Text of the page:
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Author Topic: How to tell if turbo is going bad?  (Read 6003 times)
belfert
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« on: September 02, 2007, 12:11:06 AM »

I did a search on turbo here and didn't find an answer on this.  How do I tell if my turbo is going bad?

I had the air intake off the turbo today so I spun the compressor wheel.  Someone said it should spin a long time and mine stops pretty quickly.  Also, there is some side to side play in the shaft.  I had to remove my charge air cooler to remove the radiator and didn't see more than a smidgen of oil in the pipes.

Can anyone recommend a source for a rebuilt turbo if I need one?  Mine is .80 AR M24 and is small for a Series 60 turbo since I have an 11.1L S60.  Most Series 60 turbos like on Ebay are for bigger S60 and have ARs of over 1.

Will I see better performance with a new turbo if mine is going bad?  I don't want to replace the turbo unnecessarily particularly in light of just spending $2,000 on radiator and water pump.
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luvrbus
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« Reply #1 on: September 02, 2007, 06:34:04 AM »

Brian, if your compressor wheel has nicks and is getting sharp on the blades it may be time to look at a rebuilt turbo if there is no oil and it spins free i would not worry about the side play i got a rebuild from a DD that had more play than the one i took off
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TomC
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« Reply #2 on: September 02, 2007, 10:00:29 AM »

You should have NO end or side play in the turbine wheel.  DO NOT RUN IT AGAIN! Get a rebuild kit or just replace the whole turbo.  It the turbo wheel goes or starts grinding the housing, you're not going to like the results.  Hopefully I come over loud and clear!  Good Luck, TomC
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Tom & Donna Christman. '77 AMGeneral 10240B; 8V-71TATAIC V730.
luvrbus
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« Reply #3 on: September 02, 2007, 10:33:10 AM »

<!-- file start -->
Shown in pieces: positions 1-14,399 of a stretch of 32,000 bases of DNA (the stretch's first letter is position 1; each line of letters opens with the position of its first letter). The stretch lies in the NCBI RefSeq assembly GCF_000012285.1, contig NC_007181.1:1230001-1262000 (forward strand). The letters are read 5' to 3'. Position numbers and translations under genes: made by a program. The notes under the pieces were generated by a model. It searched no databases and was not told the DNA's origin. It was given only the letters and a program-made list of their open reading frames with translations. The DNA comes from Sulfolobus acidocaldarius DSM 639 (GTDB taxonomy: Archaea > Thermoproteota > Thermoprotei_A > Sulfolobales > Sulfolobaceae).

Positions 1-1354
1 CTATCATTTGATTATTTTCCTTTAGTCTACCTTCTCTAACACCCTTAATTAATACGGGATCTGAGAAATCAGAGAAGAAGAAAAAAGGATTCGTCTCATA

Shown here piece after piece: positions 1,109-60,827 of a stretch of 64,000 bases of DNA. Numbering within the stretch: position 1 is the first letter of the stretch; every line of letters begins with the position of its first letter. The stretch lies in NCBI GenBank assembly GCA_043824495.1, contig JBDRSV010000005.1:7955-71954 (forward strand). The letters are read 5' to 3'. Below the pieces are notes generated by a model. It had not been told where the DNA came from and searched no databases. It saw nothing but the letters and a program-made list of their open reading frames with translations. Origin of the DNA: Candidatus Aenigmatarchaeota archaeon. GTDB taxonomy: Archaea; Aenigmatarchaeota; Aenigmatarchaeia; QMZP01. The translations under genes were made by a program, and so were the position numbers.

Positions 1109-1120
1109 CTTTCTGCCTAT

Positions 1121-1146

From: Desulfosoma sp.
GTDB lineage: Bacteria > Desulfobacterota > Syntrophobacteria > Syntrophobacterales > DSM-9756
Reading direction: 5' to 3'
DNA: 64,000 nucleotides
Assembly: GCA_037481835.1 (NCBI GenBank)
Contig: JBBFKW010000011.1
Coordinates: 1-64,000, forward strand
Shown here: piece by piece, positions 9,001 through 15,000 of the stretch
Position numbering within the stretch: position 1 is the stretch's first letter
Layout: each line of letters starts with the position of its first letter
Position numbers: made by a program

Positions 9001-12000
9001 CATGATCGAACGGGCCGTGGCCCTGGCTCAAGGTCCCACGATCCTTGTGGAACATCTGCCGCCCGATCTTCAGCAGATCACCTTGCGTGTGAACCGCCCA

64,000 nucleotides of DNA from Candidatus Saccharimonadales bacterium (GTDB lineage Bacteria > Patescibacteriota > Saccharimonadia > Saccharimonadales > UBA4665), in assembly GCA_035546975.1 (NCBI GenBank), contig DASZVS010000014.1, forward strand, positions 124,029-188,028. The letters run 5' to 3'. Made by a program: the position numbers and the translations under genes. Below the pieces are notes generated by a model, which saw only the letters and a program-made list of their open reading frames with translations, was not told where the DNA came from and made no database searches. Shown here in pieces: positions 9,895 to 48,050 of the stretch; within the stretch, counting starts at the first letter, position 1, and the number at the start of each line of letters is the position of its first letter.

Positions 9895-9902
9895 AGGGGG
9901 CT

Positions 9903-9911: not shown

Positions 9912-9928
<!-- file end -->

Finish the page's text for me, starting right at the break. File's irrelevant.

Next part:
Brian, buy you a dial indicator and check it if you are between .0003 and .0008 you will be fine so says the DD book
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belfert
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« Reply #4 on: September 02, 2007, 02:43:35 PM »

You should have NO end or side play in the turbine wheel.  DO NOT RUN IT AGAIN! Get a rebuild kit or just replace the whole turbo.  It the turbo wheel goes or starts grinding the housing, you're not going to like the results.  Hopefully I come over loud and clear!  Good Luck, TomC

I'm getting conflicting answers here.  The first poster who replied says not to worry about play and you say not to run the engine period with any play in the turbo.  I certainly would not want the turbo to come apart as the metal could damage or destroy the engine.

The best answer to see if the turbo is working properly would be a boost gauge, but I don't have one.  The guys at the local Detroit dealer didn't have a good answer as to how to tell if a turbo is bad except a boost gauge.  They said a reliabilt replacement would be $900 from Detroit.  Of course, they say I should only use a Reliabilt as any Freightliner or Detroit dealer could replace it under warranty.  For the few miles my bus gets compared to an OTR truck I think a third party rebuilt would be fine.

What type of local shop could rebuild my existing turbo or at least check mine out?
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luvrbus
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« Reply #5 on: September 02, 2007, 03:29:52 PM »

Brain,if you have a Cat dealer close take it to them to check some DD and Cats are the same i don't know what model you have but if the DD Dealer doesn't know how to check it without a boost gauge i would look for some other place to buy



















« Last Edit: September 02, 2007, 03:38:22 PM by luvrbus » Logged
luvrbus
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« Reply #6 on: September 02, 2007, 03:56:53 PM »

Brian try this page if you haven't already and it will tell you how to check your turbo www.turboparts.info
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TomC
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« Reply #7 on: September 02, 2007, 07:17:05 PM »

Brian- just remember that the turbo up at speed is turning in the 20,000rpm range.  Would you want loose bearings on that?  You can buy a cassette bearing replacement.  Good Luck, TomC
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Tom & Donna Christman. '77 AMGeneral 10240B; 8V-71TATAIC V730.
Sojourner
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« Reply #8 on: September 02, 2007, 08:41:23 PM »

Someone said it should spin a long time and mine stops pretty quickly.